By, Mick Sagrillo July 23, 2015
In recent years, the small wind marketplace has been awash with new turbine introductions as a response to public benefits funding and consumer interest in mitigating climate change with environmentally friendly electricity generation. Relative to wind turbines, consumers are unfortunately all too often technologically challenged, instead taken in by trumped up benefits like “bird friendly,” “technology breakthrough,” and “energy-efficient.” This has resulted in a trail of abandoned wind systems and disappointed customers who wasted their money.
After several years in the works, the Internal Revenue Service (IRS) issued Notice 2015-4 (1.usa.gov/1FeAsVe) earlier this year, which requires that small wind turbines—defined as having a nameplate capacity of up to 100 kilowatts (kW)—must be “certified” in order to qualify for the 30% Investment Tax Credit (ITC). Manufacturers can acquire certification for a particular turbine model by meeting the requirements of either the American Wind Energy Association’s (AWEA’s) Small Wind Turbine Performance and Safety Standard 9.1-2009 or the International Electrotechnical Commission (IEC) 61400-1, 61400-12, and 61400-11.
The Distributed Wind Energy Association (DWEA) (distributedwind.org) took the lead in working with the IRS to modify IRS rules so that only certified turbines are eligible for the ITC. “Certification is of critical importance to ensure high quality products make it to market,” said Jennifer Jenkins, executive director of DWEA. “These certification requirements provide performance and quality assurance for consumers, government agencies, and the industry.”
According to Jenkins, the new certification requirement addresses the small but persistent segment at the fringe of the industry that make wild assertions on efficiency, performance, and their special ability to work on buildings or on very short towers. In order to qualify for the ITC, these companies must prove these claims to third-party experts, which will be very challenging or impossible for unproven designs with exaggerated performance. It will not pose a major barrier for the industry leaders.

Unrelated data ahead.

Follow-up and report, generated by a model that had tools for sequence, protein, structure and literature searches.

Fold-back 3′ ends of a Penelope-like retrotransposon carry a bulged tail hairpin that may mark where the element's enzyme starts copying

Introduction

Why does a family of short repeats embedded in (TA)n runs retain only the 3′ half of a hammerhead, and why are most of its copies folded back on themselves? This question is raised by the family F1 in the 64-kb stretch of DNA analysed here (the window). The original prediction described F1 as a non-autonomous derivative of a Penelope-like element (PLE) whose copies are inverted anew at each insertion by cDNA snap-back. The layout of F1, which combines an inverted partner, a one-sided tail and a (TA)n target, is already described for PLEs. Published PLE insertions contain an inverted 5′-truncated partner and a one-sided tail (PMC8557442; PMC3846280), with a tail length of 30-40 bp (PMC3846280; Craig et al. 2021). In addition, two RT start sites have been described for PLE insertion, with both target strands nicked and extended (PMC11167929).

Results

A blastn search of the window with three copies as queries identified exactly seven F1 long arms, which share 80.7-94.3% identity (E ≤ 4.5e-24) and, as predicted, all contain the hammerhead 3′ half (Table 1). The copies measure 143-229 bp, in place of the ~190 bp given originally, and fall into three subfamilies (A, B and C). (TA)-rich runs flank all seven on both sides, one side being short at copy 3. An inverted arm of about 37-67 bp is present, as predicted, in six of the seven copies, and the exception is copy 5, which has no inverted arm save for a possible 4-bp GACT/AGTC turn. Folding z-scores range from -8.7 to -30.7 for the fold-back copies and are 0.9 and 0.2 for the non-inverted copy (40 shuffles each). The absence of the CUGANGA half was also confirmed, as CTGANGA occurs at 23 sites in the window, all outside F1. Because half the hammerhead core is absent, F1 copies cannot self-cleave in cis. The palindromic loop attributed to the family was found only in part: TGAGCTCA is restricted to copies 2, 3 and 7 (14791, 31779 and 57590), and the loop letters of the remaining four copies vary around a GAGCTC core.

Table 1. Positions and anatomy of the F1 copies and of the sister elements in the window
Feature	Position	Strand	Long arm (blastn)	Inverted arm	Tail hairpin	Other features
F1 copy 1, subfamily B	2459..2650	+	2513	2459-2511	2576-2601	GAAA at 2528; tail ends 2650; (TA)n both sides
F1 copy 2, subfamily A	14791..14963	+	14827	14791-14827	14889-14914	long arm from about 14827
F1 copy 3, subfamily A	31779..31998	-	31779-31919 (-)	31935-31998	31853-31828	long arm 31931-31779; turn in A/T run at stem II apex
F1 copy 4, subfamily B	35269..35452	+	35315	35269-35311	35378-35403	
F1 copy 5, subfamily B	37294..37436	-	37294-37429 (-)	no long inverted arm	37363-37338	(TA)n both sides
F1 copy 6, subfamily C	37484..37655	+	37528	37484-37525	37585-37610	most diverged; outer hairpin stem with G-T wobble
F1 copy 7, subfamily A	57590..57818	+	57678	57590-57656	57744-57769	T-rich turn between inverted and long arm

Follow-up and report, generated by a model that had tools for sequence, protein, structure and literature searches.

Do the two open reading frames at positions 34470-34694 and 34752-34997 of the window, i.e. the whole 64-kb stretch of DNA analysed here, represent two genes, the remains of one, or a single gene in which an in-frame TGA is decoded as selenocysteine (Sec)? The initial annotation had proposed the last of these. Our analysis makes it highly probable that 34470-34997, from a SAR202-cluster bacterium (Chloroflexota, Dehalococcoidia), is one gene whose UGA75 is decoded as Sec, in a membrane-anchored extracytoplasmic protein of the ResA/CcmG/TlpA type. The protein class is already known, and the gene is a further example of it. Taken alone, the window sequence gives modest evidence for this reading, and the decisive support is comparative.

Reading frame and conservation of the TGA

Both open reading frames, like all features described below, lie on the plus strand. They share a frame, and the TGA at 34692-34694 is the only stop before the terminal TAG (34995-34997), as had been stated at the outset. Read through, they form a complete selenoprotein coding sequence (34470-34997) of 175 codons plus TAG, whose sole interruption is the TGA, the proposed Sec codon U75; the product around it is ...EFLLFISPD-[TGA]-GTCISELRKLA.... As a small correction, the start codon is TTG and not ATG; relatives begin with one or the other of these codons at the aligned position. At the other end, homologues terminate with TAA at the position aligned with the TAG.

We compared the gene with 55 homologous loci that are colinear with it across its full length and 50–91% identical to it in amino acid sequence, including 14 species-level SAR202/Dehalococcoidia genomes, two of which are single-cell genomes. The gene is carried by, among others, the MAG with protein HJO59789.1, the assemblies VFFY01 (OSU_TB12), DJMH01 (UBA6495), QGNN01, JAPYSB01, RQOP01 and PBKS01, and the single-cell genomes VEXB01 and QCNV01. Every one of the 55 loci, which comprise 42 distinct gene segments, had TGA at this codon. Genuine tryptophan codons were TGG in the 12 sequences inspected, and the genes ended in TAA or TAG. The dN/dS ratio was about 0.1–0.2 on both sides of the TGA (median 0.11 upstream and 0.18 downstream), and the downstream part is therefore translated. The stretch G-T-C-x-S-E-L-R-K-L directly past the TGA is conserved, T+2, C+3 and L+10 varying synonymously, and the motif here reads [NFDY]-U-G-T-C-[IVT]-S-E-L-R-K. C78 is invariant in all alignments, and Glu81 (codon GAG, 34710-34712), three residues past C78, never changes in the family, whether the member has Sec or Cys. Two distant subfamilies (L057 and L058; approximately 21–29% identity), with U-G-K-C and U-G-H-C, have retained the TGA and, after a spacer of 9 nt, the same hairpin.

In order to meet the IRS requirements, a manufacturer must apply for certification through the Small Wind Certification Council (SWCC) (smallwindcertification.org), Intertek (intertek.com/wind/small), or one of the other certification agencies that has reciprocity with these two in the United States. Once the requirements of AWEA 9.1-2009 are met for a given small wind turbine, certification is awarded to the manufacturer. It is the responsibility of the manufacturer to provide the customer with the appropriate documentation showing that full certification has been granted. Anyone interested in purchasing a small wind turbine and applying for the 30% ITC (and who wouldn’t?) should insist on receiving the certification documentation before signing on any dotted lines.
“Certification helps consumers distinguish between the good, the bad, and the untested wind turbines on the market and helps consumers accurately compare the wide variety of products available,” explained SWCC Executive Director Larry Sherwood.
Sherwood also notes that certification requirements help government agencies ensure that public funds spent on distributed wind installations are going to safe, quality systems. The requirements are also a means of consumer protection against untested technologies, unverified claims about turbine performance, and equipment failures.
The cost to apply for the appropriate testing and then apply for certification is not insubstantial, but neither is it cost-prohibitive for a bona fide manufacturer with the financial wherewithal to be in business in the first place. Although there are hundreds of small wind turbine models on the internet to choose from, interestingly, there are only 16 fully certified turbines at this time, according to the Interstate Renewable Energy Council’s List of Certified Small Wind Turbines (bit.ly/1F7HQAt) and DWEA’s list (bit.ly/1G6Qn8Y).
This speaks volumes about separating the wheat from the chaff. If the turbine you are interested in is not on one of the two above lists, caveat emptor!
Mick Sagrillo (firstname.lastname@example.org) teaches and consults about wind power, and has powered his home with wind since 1982.